11 American Legion Hall — 138 Fifth Ave. Located just north of City Hall, the building was built around 1900 as a Baptist Church. The American Legion bought it and remodeled it in 1929. It is currently being used as Greek Orthodox Church.
12 Waverly Park — Near the intersection of Third Street West and Waverly Way. Look for the 1932 historic arch that was once the entrance to Kirkland Junior High. Just north of the arch is a Kirkland Heritage Society historical marker with pictures of the Kirk family and the long-gone Peter Kirk home, Firgrove, across the street.
13 Woolen-mill site — One of Kirkland’s most enduring industries was on the waterfront at the foot of Fourth Street West by Lake Street. The woolen mill operated continuously from 1891 to 1926; then again briefly in 1929. It burned down in 1935. The area is now filled with lake-front homes.
14 Loomis House * — 304 Eighth Ave. W. The restored Queen Anne style home is one of three 1889 houses remaining in the neighborhood west of Market Street. The other two are at 202 Fifth Ave. W. and 526 10th Ave. W.
15 Juanita Bay — Early last century, the waterfront area of what is now Juanita Bay Park (Market Street and Forbes Creek Drive) featured a farm that raised French frogs for Seattle restaurants. Later, in 1932, real-estate developer Guy Farrar charged duffers 25 cents to play the nine holes he created in the boggy wetland. The park is now a haven for birds and bird-watchers. Stroll across the old bridge that spans Juanita Slough and Forbes Creek and check out the markers detailing the historical and natural wonders of the immediate area, from Native American encampments to still-visible dock pilings from the early 1900s.
The creek is named after the Forbes family, which settled here in the late 1800s and started a snack bar for passengers of the steamboats that used to dock in the bay. When the lake was lowered, the bay became too shallow to navigate and the dock fell into disuse.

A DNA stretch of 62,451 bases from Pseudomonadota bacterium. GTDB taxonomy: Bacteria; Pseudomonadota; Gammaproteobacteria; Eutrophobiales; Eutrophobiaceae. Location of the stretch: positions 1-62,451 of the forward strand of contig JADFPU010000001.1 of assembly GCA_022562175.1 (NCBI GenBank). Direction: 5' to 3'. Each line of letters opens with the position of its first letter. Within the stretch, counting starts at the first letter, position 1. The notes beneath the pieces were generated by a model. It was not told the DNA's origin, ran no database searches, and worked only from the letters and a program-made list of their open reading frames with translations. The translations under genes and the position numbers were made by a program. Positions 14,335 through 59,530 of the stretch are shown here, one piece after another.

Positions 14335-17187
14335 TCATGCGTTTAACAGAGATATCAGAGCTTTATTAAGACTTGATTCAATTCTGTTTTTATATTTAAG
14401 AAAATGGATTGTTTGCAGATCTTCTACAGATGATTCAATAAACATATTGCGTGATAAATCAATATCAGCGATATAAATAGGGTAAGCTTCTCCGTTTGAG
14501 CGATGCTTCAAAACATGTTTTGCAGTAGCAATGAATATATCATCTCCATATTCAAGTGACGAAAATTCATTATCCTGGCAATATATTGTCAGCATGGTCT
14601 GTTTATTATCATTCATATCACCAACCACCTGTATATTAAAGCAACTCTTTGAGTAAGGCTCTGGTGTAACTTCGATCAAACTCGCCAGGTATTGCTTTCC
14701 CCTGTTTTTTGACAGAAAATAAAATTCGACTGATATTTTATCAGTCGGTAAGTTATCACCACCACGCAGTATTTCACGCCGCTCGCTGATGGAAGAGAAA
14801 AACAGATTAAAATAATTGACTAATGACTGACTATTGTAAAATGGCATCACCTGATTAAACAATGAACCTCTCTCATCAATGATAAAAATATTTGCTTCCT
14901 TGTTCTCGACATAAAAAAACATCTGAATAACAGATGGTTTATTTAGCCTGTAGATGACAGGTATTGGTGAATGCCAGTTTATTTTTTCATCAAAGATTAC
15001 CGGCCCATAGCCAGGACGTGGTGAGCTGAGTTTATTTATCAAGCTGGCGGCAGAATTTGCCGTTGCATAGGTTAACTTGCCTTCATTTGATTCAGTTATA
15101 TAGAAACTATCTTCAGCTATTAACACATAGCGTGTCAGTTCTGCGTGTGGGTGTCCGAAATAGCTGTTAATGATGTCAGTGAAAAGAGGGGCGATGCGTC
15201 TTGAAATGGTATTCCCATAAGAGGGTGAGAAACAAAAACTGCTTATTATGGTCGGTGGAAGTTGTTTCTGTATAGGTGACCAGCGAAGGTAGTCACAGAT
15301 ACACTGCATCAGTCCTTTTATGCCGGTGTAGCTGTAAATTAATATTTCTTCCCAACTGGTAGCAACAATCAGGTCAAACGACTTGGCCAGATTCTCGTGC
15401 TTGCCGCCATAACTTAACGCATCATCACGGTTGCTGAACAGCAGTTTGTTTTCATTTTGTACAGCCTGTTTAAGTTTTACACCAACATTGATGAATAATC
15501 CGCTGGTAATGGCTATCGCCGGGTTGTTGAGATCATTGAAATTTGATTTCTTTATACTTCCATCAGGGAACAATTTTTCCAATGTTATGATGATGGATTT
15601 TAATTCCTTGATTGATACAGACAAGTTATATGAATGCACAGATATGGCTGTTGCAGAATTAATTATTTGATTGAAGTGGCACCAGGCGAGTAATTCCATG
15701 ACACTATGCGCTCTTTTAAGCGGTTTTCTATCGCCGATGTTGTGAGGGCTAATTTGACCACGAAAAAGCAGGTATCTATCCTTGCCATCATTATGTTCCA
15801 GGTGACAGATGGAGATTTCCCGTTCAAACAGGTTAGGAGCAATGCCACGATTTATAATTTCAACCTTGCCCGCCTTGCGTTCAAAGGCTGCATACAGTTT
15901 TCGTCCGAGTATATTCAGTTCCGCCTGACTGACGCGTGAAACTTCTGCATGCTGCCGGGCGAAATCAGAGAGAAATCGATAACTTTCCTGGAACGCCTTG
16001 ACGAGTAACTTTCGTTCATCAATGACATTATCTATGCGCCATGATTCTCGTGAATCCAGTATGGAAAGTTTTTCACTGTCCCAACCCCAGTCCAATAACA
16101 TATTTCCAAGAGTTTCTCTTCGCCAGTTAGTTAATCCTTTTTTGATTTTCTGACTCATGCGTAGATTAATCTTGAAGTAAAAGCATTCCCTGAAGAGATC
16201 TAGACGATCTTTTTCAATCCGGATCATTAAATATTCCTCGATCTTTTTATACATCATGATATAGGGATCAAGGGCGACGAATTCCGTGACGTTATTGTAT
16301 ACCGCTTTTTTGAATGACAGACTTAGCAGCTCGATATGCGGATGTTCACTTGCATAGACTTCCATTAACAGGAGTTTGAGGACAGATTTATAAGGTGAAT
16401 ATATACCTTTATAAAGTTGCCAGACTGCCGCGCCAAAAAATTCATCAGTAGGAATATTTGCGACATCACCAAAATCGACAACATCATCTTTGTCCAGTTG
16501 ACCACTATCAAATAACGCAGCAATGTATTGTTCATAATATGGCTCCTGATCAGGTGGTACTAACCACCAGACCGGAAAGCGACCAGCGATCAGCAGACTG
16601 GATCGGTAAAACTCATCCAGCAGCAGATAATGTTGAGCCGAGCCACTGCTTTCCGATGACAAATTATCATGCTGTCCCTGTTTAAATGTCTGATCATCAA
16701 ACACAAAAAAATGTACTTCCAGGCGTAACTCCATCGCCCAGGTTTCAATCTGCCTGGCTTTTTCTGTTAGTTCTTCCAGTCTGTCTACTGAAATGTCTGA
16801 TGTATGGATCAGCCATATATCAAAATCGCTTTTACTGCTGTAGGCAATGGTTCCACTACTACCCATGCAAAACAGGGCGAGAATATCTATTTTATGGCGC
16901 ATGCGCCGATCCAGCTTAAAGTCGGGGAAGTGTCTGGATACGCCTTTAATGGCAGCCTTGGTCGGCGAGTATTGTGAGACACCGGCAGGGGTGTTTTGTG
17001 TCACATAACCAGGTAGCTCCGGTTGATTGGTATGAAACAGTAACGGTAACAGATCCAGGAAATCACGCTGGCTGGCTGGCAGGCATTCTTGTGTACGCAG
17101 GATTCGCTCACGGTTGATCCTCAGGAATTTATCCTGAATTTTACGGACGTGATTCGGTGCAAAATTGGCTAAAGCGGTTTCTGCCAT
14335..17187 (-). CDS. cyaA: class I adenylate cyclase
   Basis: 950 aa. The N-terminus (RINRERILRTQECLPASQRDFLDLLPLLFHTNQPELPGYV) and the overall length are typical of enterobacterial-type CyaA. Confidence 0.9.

The family ended up with a stretch of sandy beach on their lakefront property which they developed into the popular Juanita Beach Resort. Locals flocked to swim, dance and rent cabins from 1921 to 1956, when King County purchased the site for a park. In 2002 the city of Kirkland assumed ownership.
16 Shumway Mansion — 11410 99th Place N.E. In 1911 Carrie Shumway was the first city councilwoman in the state. An investment group moved this 18-room, 1909 mansion from its original site indowntown Kirkland to Juanita in 1985 and turned it into a bed-and-breakfast and reception center. The property is currently for sale.
17 Site of Peter Kirk’s mill — Near 120th Avenue Northeast and Northeast 90th Street. In 1888 Peter Kirk and Leigh S. Hunt formed the Moss Bay Iron & Steel Works of America, later called the Great Western Iron & Steel Works. They also started the Kirkland Land and Improvement Co. and purchased 1,400 acres near today’s downtown Kirkland. Kirk built a steel mill near a spur of the Lake Shore and Eastern Railroad line by Forbes Lake not far from where Costco and the Rose Hill Presbyterian Church sit today.
The plant never produced any steel. It shut down when banks failed and investors pulled out during the Panic of 1893. Much of the ground today is marshland and only a few pilings remain of the mill. The Kirkland Heritage Society’s collection includes bricks from the mill.
18 Nettleton Mansion/Green’s Funeral Home — 400 State St. Built in 1914 for Clark Nettleton, then-publisher of the Seattle Post-Intelligencer, it was bought by the Bleitz family for a funeral home in 1931. Chester and Agnes Green bought the funeral home in 1936; the family continued to operate it until 1996 when it was sold to the Alderwoods Group. That company closed the funeral parlor in January 2005. At this time, a sale is pending on the elegant old mansion.
19 Kirkland Cemetery — Corner of 120th Avenue Northeast and Northeast 80th Street (entrance on 120th). Many of Kirkland’s early settler families have plots in this cemetery with elaborate markers. (Peter Kirk and his family are buried in the San Juan islands.)
20 Kirkland Cannery — 640 Eighth Ave. The wood-frame structure, built in 1935 by the Works Progress Administration (WPA), was where local families would bring their produce to be canned. It eventually became a smokehouse and sold a line of smoked products and did custom-smoking for local fishermen. The cannery closed June 2001.
Boston billionaire Joshua Sears had plans to open a bank in his building (701 Market St), but those plans ended with the 1893 depression. Today the building houses a religious book store.
Sherry Grindeland: 206-515-5633 or firstname.lastname@example.org